Forty years old this week, The Sun has been regaling its readers with a selection of memorable front pages, chosen by some of the world's most influential figures. Tuesday's selection, I discovered, was made by Bono, Lady Thatcher, Dizzee Rascal and Simon Cowell: a philanthropic rock musician; a retired prime minister; an R&B star of whom no one over the age of 40 has probably heard, and a somewhat overbearing TV impresario. So who, one wondered, as Mr Rascal offered his recollections of the cover announcing the death of Michael Jackson, really are the world's most influential figures these days? The obvious answer is one of the techno-gurus – Bill Gates or Steve Jobs – busy plotting the future of electronic communication.
My own guess is that they are obscure and faintly mundane people whose activities are seldom reported in the newspapers: Chinese businessmen, say, planning some strategic assault on the markets of the West; hedge fund executives hunkered down in their Midwestern silos.
It is the same with literature. Some years ago the late Martin Seymour-Smith produced a compendium of the world's most influential books, a defiantly highbrow affair in which Tolstoy, Kant and Wittgenstein grandly predominated. I remember thinking that the two most influential books published in Britain in the 20th century – "influential" being defined as having a measurable, long-term effect on ordinary people – were probably the bound volume of the Beveridge Report and the Second World War infantry training manual.
The publication of Zadie Smith's essay collection Changing My Mind, and the deluge of photos of Ms Smith looking anguished and soulful, reminded me of a neat little demonstration I once witnessed of the way in which the literary world works – or rather the way in which the media works when it decides to take an interest in books. This was the award of the 2001 John Llewellyn Rhys Prize. The judges, of whom I was one, unconvinced by the merits of White Teeth, which had already sold several hundred thousand copies, eventually succumbed to pressure and put the novel on the shortlist. Come the prize-giving, a flock of photographers descended on the Reform Club to photograph Ms Smith, but showed no interest at all in Edward Platt, the winner of the prize, while the judges were denounced by A N Wilson in the pages of The Daily Telegraph. To do Zadie Smith justice, she always seems faintly embarrassed about the media storm that swirls around her, and commendably unimpressed by the people who try to crack her up as a titan. Among other things, Changing My Mind contains no-nonsense critiques of her own three novels which are quite startling in their modesty. It would be mischievous of me to suggest that one or two of Ms Smith's senior contemporaries would profit by reading them.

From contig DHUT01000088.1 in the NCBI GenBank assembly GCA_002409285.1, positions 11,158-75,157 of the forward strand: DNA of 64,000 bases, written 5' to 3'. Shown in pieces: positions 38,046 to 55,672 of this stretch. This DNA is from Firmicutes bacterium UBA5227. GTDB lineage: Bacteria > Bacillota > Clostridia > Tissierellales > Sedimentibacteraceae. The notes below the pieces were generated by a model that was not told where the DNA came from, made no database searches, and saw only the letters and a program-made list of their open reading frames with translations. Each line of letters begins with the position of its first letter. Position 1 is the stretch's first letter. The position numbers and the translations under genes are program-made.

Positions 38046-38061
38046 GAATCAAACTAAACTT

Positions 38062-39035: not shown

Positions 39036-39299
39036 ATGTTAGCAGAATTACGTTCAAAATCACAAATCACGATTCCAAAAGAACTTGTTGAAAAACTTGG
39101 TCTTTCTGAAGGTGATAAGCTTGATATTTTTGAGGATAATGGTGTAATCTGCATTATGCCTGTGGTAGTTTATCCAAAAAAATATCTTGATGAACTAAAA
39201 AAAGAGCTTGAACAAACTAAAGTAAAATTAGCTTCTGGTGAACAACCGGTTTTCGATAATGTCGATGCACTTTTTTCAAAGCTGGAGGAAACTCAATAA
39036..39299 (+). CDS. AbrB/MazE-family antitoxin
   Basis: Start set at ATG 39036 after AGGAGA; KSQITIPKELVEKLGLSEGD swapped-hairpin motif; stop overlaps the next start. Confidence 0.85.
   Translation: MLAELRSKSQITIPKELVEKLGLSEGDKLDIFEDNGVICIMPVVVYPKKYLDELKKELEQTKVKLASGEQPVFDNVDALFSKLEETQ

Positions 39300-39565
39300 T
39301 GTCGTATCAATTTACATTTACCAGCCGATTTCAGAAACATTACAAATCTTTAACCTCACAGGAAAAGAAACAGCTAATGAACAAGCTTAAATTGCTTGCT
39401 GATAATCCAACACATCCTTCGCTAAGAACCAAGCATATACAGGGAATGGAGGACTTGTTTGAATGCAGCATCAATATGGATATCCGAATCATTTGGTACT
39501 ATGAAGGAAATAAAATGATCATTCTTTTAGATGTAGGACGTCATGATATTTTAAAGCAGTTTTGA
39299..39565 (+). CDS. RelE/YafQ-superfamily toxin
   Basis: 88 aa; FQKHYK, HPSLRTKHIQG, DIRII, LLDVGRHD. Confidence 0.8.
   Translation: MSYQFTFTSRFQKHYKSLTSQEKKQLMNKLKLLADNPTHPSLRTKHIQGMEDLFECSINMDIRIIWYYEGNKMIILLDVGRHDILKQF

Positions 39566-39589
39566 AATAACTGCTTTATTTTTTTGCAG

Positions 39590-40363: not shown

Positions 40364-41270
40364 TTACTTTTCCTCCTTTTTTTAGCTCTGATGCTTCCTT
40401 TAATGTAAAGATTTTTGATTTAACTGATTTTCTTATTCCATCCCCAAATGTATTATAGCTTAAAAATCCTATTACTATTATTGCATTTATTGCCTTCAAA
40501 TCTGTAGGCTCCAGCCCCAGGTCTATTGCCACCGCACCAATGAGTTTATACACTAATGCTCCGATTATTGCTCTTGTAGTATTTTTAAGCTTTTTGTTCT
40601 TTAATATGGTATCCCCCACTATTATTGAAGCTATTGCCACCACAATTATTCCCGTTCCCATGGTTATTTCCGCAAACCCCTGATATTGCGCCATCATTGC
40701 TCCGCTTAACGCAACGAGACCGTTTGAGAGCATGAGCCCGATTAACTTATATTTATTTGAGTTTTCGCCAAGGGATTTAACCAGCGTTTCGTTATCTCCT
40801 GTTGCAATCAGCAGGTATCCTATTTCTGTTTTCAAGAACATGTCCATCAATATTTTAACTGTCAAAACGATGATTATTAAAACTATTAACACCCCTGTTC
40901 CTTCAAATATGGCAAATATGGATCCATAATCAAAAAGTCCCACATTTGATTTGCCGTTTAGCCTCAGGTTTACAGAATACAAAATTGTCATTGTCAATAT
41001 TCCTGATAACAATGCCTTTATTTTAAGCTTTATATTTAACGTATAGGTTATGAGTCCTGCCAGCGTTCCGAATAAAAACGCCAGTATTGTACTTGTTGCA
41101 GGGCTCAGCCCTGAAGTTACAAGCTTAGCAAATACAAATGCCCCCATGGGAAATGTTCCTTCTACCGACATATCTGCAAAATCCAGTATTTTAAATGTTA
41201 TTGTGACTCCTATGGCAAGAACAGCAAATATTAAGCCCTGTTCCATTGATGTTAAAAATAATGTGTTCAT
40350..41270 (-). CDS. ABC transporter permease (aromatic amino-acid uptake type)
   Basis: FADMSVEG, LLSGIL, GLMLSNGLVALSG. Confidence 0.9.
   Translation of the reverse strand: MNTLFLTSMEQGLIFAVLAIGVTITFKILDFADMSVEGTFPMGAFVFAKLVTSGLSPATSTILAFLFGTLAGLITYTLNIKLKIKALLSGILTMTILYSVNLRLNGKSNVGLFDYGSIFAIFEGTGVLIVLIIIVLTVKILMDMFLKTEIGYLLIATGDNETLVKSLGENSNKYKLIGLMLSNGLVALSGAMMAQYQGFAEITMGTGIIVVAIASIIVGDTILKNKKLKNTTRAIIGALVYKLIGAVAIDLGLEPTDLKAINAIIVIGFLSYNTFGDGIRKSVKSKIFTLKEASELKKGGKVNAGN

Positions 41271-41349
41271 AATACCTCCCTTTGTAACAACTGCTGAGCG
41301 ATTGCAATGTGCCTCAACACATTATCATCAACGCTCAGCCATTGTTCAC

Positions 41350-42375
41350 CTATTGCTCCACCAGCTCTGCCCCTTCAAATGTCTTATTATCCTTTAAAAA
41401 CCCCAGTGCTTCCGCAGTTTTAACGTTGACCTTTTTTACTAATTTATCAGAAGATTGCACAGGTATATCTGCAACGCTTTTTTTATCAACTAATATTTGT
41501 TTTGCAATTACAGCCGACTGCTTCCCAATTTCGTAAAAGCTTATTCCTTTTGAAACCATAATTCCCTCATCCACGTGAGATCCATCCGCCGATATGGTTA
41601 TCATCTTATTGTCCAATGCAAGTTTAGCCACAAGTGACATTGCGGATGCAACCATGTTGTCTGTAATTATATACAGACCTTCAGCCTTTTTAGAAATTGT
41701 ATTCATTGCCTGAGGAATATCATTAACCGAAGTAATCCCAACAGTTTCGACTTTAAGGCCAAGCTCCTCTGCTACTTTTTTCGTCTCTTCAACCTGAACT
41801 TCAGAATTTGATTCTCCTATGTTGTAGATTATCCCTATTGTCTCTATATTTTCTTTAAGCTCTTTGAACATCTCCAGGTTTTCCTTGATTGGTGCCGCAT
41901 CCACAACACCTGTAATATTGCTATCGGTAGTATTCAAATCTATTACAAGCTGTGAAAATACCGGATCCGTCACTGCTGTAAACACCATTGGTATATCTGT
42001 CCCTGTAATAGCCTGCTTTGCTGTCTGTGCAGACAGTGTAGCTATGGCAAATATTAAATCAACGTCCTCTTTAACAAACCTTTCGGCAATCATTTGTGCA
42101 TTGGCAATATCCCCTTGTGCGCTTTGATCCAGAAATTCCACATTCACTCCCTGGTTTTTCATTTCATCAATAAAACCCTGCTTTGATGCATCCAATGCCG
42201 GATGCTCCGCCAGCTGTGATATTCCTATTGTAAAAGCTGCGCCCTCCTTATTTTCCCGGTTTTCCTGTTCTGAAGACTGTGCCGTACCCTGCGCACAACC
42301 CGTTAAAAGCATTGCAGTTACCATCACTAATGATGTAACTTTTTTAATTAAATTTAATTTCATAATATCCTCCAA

As the first decade of the 21st century falters to a close, culture sections and music papers have been aflame with "best of" lists. These have not lacked controversy. The New Musical Express's choice of its top 50 albums, in particular, has been criticised for an incorrigible white-guitar-pop bias, which saw the Strokes, the Libertines, Primal Scream and the Arctic Monkeys shunted into the top four spots. On the other hand, the NME can hardly be blamed for appeasing the prejudices of its readers. As a devotee of the magazine in its late 1970's heyday, I can vividly remember my own attitude to the "black" music continually pressed upon me: soul – marvellous, uplifting, fab; funk – interesting up to a point; reggae – world's most boring music; how can anyone be interested in Bob Marley?; disco – oh please!
As for contemporary "urban" music, it is impossible to look at one of those R&B videos full of proudly lofted bling and foxily gyrating babes without wanting to giggle. But this is a taste issue, not a racial one. If it comes to that, I don't much like Primal Scream and the Libertines, but I can quite see why they appeal to readers of the NME, while Dizzee Rascal doesn't.
Join our new commenting forum
Join thought-provoking conversations, follow other Independent readers and see their replies